Friday, October 23, 2009

Zombieland Reveiw

Hello all,

Apologies for not being able to see this movie sooner, but when you help run a Haunted House...well in October that kind of takes precedent.

Review of Zombieland:

You must accept, going in, that this movie is going to be ridiculous. To assume that it is a serious zombie movie or to assume that it is an "intellectual comedy" are not wise decisions. It is in essence a Zombiedy. If you go in thinking the will probably be let down.

That being said, it was quite humorous. I laughed out loud at many parts, but will keep my lips closed in case there are readers who haven't seen it yet. My favorite part was when the take refuge in the LA house....

The movie also focuses on a number of rules. There are 32 rules but we only ever learn, I think, eight of them:

1. Cardio--To sustain long periods of running away from zombies
2. Double Tap--send the extra bullet into the zombie's head to ensure it stays down
3. Be weary of bathrooms--Zombies always seem to show up when we are vulnerable
4. Buckle your Seat belt--So you can slam on the breaks and you won't go flying
16? Limber Up--before you do anything so you don't pull anything
17? Don't be a hero--except when impressing Witchita
20..? Always check the back seat--A zombie or gun stockpile will always be there
32. Enjoy the Little things--Like Twinkies or "Caddyshack"

I agree with all of these, as I've memorized Max Brooks' The Zombie Survival Guide inside and out. The only one I'd caution against is the double tap...and that's based upon the amount of ammo you have. In this movie the characters sure seemed to have a lot of it....

I liked these rules and I like how they were presented by the skittish, nervous, low self-esteem main character...I would have just liked to know more of the rules, since they clearly defined his life.

The other major issue that I saw was ironically enough, the lack of zombies. There would be very long stretches where you wouldn't see any zombies. Now that's okay, you can have a movie where that happens and it still works. Take either version of Dawn of the Dead. You might not see a zombie for 20 minutes, but you know that there is a hoard of them just outside the mall. Any pull away or establishing shot will confirm this, so the fear is real. I also get that the movie takes place during the later stages of the outbreak, so most zombies would probably have been pulled to major population centers in search of more food. But even at the end, when the major conflict occurs...when it really comes down to it...there aren't that many zombies. Aren't they supposed to be in LA? That is a huge population zone. I get that the point is to have Columbus attempt to rescue the other two characters but in a zombie movie the big fear is the endless hoard.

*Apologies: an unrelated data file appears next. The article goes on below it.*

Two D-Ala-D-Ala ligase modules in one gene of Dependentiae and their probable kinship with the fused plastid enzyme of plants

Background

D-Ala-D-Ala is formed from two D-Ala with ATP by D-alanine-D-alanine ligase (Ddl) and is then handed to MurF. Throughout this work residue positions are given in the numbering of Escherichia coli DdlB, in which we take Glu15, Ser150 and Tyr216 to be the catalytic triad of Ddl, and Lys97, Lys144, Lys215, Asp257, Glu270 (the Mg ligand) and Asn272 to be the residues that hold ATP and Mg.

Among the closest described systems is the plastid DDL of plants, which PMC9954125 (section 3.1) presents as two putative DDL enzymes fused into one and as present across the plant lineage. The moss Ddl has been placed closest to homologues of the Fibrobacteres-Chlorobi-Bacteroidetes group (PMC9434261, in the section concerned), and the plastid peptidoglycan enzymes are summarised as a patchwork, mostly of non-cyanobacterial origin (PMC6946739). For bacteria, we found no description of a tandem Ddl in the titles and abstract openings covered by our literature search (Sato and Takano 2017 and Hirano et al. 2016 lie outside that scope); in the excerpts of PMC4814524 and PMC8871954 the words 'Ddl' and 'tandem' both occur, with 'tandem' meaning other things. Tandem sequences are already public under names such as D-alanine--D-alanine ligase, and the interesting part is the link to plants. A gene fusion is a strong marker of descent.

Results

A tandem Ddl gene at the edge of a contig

Maybe that's not what they were going for since the tone of the movie was clearly light. If that's the case then I am willing to back off my statement. My statement is also not a "Deal Breaker" as Liz Lemmon would say, because I still thoroughly enjoyed the movie. It was just a comment tis all.

Lastly--A lot of people have been comparing as the next "Shaun of the Dead." "Zombieland" was good. It was funny. I'm going to buy it to add to my zombie collection. It would fit nicely into a Zombiedy-athon. But it doesn't even come close to the humor, horror, tediousness, complexity, and all around amazement that is encompassed with "Shaun of the Dead." I'm being very serious. I know a lot of you may think I'm jaded because I like horror, comedy, the British, and zombies so its easy to think that I'm just a fan boy spouting off a love fest for Simon Pegg and Edgar Wright.

But in all seriousness, I had to analyze "Shaun of the Dead" for a film class and I've been studying creative writing for a long time now. Everyone watch "Shaun of the Dead" again and pay close attention to the point that the movie is trying to make. The point is that humans are so entrenched in their routines that even a zombie outbreak might go unnoticed and that most humans would not noticed something was wrong until a zombie showed up on their doorstep. This is painfully obvious in the characters of Shaun and Ed as we laugh at them and their exploits. But watch the film again and only pay attention to the background. (I'm also referring to the first act of the movie before the zombies are everywhere.) Notice for how most of the movie there are sirens going off, even if they are just faintly in the background. Notice how sick the people look on the bus that Shaun rides. Notice how when Shaun is in his place of employment and he is trying to sell the TV that you can see three green army trucks rumble past the camera. Then notice that when Phillip leaves the store, those same three green army trucks rumble by him. How much of that did you notice? How much more is there that I haven't noticed yet? Isn't it creepy to think we don't notice things because we only care about our little daily routines? "Shaun of the Dead" scared me for the first them when I realized what I just pointed out and I counted driving past five ambulances with their lights flashing. That's a lot for one day. They could have been the first five outbreak patients and had it not been for "Shaun of the Dead," I never would have had that thought.

"Zombieland" although widely entertaining doesn't even come close to that level of sophistication.

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